Fresh Signs of Recovery Or Just Opportunism?

Warren E. Buffett committed to a takeover of Constellation and an equity stake in Goldman.
Warren E. Buffett committed to a takeover of Constellation and an equity stake in Goldman. (By Paul White -- Associated Press)
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By Heather Landy and Thomas Heath
Washington Post Staff Writers
Thursday, September 25, 2008

In a market largely paralyzed by a credit crunch and a crisis in confidence, there are stirrings of activity by deep-pocketed investors.

In the past week, Warren E. Buffett put up nearly $10 billion to acquire Constellation Energy Group and a stake in Goldman Sachs. Japan's largest bank company has agreed to invest billions of dollars in Morgan Stanley. Private-equity firms, meanwhile, are lining up funds so they can pounce on assets that are priced to move quickly.

The renewed dealmaking suggests that a few big investors are ready to brave the markets again.

"When history is written, this could be seen as the turning point," said David Rubenstein, co-founder of the Carlyle Group, a Washington private-equity firm with $40 billion in cash that it would like to put to work.

With the markets searching for direction, investors are debating whether the recent crop of deals should be viewed as bellwethers for a recovery or as opportunistic exploits by select buyers who can wrangle good terms in exchange for taking on risk.

"Nobody is smart enough to call the absolute bottom, but when you see a lot of smart money like this coming in, it's a pretty good indication that you are near that bottom," said Frederic V. Malek of Thayer Capital Partners, a private-equity firm that buys and operates hotels.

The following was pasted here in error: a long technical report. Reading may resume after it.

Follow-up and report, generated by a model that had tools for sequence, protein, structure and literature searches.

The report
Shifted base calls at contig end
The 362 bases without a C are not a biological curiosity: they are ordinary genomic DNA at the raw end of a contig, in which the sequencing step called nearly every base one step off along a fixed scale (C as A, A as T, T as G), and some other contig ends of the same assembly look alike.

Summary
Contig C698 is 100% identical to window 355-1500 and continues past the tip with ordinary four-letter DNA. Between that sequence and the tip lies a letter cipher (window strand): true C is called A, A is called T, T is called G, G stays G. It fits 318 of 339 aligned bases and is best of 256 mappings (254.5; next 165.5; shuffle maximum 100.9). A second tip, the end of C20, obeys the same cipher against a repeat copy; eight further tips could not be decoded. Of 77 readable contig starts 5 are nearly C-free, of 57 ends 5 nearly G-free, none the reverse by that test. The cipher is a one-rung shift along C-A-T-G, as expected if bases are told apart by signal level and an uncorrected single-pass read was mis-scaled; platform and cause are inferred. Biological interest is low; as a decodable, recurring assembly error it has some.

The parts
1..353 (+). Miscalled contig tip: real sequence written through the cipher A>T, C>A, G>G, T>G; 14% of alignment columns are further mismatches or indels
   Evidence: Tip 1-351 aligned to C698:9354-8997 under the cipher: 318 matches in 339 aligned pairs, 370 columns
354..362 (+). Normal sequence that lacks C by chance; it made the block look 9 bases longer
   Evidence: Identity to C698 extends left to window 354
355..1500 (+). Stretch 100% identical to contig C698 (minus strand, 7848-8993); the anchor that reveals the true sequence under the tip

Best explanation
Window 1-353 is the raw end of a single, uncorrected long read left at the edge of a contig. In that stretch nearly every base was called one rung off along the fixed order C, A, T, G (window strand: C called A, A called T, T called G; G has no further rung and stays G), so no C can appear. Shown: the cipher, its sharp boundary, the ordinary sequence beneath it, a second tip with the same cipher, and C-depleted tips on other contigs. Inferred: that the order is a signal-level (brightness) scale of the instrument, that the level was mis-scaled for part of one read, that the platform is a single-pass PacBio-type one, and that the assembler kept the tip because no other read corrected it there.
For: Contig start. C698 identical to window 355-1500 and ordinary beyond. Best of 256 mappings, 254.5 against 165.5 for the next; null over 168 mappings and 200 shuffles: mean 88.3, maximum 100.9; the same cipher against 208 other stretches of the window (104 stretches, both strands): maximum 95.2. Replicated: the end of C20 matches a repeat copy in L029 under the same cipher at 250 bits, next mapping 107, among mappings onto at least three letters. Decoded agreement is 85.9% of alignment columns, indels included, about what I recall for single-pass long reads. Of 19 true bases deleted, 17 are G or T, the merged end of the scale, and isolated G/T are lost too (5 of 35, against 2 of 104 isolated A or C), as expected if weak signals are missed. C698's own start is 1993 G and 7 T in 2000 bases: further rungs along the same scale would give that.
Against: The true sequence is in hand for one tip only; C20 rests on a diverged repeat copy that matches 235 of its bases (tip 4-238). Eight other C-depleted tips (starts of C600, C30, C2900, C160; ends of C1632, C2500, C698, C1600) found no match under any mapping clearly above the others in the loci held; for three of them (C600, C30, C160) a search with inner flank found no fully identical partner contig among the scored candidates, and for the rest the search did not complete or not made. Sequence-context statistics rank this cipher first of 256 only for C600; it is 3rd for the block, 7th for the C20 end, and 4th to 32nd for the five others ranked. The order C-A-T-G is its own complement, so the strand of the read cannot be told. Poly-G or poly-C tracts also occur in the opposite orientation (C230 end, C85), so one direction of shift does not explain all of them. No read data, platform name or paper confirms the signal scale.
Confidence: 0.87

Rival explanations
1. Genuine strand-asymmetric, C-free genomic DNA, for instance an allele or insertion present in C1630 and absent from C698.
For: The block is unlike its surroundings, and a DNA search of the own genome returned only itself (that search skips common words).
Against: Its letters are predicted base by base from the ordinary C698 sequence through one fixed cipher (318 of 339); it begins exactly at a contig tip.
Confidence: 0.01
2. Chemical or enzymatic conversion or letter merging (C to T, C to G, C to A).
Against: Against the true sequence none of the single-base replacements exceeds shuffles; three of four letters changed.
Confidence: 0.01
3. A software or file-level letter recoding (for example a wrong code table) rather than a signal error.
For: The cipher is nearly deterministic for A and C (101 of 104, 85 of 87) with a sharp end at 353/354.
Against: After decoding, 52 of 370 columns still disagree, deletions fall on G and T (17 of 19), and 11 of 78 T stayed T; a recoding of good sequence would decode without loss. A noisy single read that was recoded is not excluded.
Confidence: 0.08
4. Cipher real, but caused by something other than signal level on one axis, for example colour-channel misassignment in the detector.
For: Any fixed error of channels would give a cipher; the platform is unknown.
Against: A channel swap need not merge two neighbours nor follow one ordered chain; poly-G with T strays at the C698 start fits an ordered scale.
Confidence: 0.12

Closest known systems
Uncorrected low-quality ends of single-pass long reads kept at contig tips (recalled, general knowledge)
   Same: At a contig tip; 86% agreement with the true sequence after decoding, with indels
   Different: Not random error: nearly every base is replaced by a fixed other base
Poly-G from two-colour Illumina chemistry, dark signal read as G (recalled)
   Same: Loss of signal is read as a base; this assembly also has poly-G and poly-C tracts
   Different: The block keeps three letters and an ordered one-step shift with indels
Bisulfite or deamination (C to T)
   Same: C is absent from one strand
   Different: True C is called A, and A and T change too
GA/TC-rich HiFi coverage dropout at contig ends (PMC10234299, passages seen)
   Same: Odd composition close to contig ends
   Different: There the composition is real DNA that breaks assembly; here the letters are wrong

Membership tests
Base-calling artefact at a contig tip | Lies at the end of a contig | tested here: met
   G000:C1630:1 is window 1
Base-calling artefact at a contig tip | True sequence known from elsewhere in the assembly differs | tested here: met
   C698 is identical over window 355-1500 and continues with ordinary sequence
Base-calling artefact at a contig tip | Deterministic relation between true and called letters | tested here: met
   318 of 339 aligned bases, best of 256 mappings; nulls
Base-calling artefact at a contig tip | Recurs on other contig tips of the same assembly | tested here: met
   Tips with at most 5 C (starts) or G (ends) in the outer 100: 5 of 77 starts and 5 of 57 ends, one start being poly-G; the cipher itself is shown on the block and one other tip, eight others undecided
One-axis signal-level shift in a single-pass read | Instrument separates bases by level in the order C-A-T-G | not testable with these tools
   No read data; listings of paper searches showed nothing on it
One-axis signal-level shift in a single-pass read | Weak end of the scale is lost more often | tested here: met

Keith Trauner, a portfolio manager at Fairholme Capital Management, said the latest batch of deals is probably more reflective of the sharp drop in asset values than of a surge in optimism about the markets.

"When you see Buffett do a deal for Constellation and Goldman Sachs, it's not so much a bet that things are about to turn on a dime. It's simply saying that a couple things that he understands and that make sense have popped onto the radar screen," said Trauner, whose firm holds shares of Berkshire Hathaway, Buffet's company.

Donald Marron, founder of Lightyear Capital, a New York investment firm specializing in the financial sector, said he expects to see more such investments in coming weeks.

"There is a lot of capital throughout the world in many more hands than it used to be, and they are looking for opportunities," said Marron, who is a former chairman of Paine Webber Group.

Whatever the motives, the intentions of Buffett and other buyers may not matter as much as the market's interpretation of them.

"Maybe even more than the federal bailout program, it could help as a sort of self-fulfilling prophecy," said Lawrence Cunningham, a George Washington University law and accounting professor who has written several books about Buffett.

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